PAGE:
Monthly Archives: January 2014

Reader Question: Xanax Withdrawal

I am looking for a withdrawal protocol for benzos. I have patients that have been on Xanax 2mg for 3-5 years and now I need to detox them. We all know how difficult this is with people in the community let alone in the correctional setting. PLEASE HELP !!!!
Thank You, Doris

Well, Doris, you have come to the right place! I, and many other JailMedicine readers, are happy to share our strategies for dealing with benzodiazepine withdrawal. And this is a common dilemma in county jails. Believe it or not, Xanax is the single most-prescribed psychiatric drug in the United States. My experience is that Xanax is highly addictive and yet handed out like candy by some community practitioners. Some community prescribers I have talked to do not even realize that Xanax is addictive!  Strange but true.GABA-Production Continue reading

Essentials of Correctional Medicine . . . Final Agenda

logo idea 3.5I am excited to be part of the Essentials of Correctional Medicine conference! It is only five weeks away, February 19, 20 and 21.

Click here for more information!

Hilton South exterior

As it was last year, Essentials will be held at the Hilton Hotel in Downtown Salt Lake City, Utah.
Conference attendees will have a continental breakfast and full lunch each day of the conference. More important, though, will be the excellent quality of medical education.

Wednesday, February 19, 2014

SasserDavid Sasser, JD. Dave has specialized in correctional law throughout his career. I have worked with Dave for many years and I can tell you that he is a great speaker; both interesting and funny. Dave’s first talk is entitled “Legal Overview of Case Law in Correctional Medicine.” Don’t let the title intimidate you! Dave says most people who work in corrections do not know all of the safeguards built into the legal system to aid and protect them. After this talk, you will know how to walk among the landmines (so to speak).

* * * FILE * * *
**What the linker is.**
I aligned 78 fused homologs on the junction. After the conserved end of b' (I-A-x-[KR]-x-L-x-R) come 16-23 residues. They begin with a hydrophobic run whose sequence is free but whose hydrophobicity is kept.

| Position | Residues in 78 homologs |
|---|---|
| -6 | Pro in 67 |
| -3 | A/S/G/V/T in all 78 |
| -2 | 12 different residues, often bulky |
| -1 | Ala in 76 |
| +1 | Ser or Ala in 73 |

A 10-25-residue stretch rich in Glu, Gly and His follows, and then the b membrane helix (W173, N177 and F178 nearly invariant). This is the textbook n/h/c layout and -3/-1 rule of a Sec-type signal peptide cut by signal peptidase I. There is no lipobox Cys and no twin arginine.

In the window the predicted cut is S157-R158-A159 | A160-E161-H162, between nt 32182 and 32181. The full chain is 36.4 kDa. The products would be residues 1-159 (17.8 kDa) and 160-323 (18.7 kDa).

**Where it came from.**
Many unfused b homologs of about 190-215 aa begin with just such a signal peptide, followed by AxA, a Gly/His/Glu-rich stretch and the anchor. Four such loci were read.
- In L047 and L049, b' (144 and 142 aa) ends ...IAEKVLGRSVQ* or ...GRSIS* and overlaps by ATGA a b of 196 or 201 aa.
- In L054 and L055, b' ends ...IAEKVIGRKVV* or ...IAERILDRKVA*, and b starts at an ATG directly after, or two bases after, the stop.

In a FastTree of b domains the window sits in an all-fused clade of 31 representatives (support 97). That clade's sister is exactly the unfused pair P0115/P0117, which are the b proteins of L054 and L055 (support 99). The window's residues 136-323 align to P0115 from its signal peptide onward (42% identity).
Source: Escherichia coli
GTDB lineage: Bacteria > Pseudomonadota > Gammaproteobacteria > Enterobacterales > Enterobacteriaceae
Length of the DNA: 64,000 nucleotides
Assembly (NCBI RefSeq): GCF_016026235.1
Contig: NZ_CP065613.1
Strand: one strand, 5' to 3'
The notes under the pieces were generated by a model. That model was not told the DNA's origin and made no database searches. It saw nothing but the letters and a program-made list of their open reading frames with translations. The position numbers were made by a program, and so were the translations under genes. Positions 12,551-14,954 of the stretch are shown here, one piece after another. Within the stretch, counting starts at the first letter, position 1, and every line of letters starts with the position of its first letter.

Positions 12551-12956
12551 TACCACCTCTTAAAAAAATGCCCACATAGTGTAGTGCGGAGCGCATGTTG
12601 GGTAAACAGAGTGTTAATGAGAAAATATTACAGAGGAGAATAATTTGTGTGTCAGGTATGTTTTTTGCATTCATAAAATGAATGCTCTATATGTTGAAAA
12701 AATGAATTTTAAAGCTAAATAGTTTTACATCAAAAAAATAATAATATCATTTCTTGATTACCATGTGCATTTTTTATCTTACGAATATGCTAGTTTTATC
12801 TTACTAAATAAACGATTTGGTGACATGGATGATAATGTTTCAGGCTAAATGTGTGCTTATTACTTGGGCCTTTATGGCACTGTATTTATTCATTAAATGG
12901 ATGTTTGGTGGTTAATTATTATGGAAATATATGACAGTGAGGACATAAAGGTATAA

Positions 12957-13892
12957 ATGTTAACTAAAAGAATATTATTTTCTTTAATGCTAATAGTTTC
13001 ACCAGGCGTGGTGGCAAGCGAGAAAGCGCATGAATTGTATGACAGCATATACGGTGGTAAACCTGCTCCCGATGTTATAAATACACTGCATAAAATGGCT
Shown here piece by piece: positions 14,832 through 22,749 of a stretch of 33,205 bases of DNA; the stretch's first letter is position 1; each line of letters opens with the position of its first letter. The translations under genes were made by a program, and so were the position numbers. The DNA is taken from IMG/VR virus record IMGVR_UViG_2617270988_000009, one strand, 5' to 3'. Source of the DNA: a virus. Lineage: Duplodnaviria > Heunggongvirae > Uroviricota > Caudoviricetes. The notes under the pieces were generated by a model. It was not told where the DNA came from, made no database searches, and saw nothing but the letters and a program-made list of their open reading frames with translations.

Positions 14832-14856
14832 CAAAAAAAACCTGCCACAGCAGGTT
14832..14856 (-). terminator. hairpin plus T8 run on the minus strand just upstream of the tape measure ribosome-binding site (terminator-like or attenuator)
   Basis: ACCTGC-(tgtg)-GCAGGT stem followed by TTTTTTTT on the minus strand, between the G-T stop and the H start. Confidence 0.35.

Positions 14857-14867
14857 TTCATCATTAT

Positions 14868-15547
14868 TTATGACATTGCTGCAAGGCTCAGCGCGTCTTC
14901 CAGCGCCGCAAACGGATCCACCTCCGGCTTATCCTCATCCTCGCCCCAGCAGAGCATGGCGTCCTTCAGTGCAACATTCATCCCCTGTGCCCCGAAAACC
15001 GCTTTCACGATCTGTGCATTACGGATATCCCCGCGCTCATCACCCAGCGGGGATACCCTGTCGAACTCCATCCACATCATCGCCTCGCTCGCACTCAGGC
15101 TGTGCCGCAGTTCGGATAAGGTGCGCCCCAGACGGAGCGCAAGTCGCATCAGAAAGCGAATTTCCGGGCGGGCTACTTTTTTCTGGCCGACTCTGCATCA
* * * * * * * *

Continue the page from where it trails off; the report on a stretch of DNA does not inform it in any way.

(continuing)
The second of Dave’s presentations will be “A Review of Case Law in Correctional Medicine.” This will be a group discussion about actual lawsuits and their outcomes. Each of these cases is unique. Why was the jail sued? How could the lawsuit have been avoided? Was a mistake made medically? Was a mistake made legally? What was the outcome? I find malpractice cases fascinating, myself.
Do you have a lawsuit hanging over you right now? Bring it up! Let’s discuss it!

“Managing Those Surprising Drugs of Abuse in Corrections.” We will talk about gabapentin, amitriptyline, Wellbutrin, and many others. What other medications have you seen diverted and abused in your facility? Let’s talk about it!

Medications Behind Bars—the Most Common Mistakes.” Observations by a Correctional Pharmacist. Do you have questions for our panel of correctional pharmacists? Formulary? Storage of scheduled drugs? Bring it on!

Thursday, February 20, 2014

Gardner PhotoNoel Gardner, MD is a forensic psychiatrist who will speak on Wednesday about psychiatric malingering and symptom magnification. His first lecture, “Disease, Distress, Disguise or Deception,” lays the groundwork for understanding the dynamics behind deception.

Dr. Gardner’s second lecture is entitled “Malingering: The Psychodynamics of Medical Manipulation; How to Recognize It, and What to Do About It.” You will be taking copious notes because this is information that will be immediately useful to you in your home facility.

 

ScottEliasonDr. Scott Eliason will follow Dr. Gardner. Oftentimes, we correctly identify a patient in our facilities as malingering or exaggerating a psychiatric illness, but we cannot simply walk away—this is still our patient. What do we do now? Medication? Counselling? Behavioral Modification? Dr. Eliason will share his experience with these patients in his years of working in prisons and jails.

Brian Mecham, LCSW has been working as a mental health counselor in jails for many years. His assignment is to answer the question of “How to Manage Personality Disorders Without Drugs.”

BerlinFinally, Neelie Berlin, who has been a jail medical provider for years in addition to her other job as a dermatologist, will speak on “Dermatology Behind Bars.” Neelie, of course, will have lots of gnarly slides and will make your life simpler with many, many tips on how to deal with the weird rashes that always crop up behind bars. Do you have a rash in your facility that is kicking your butt? Bring a picture and Neelie will help.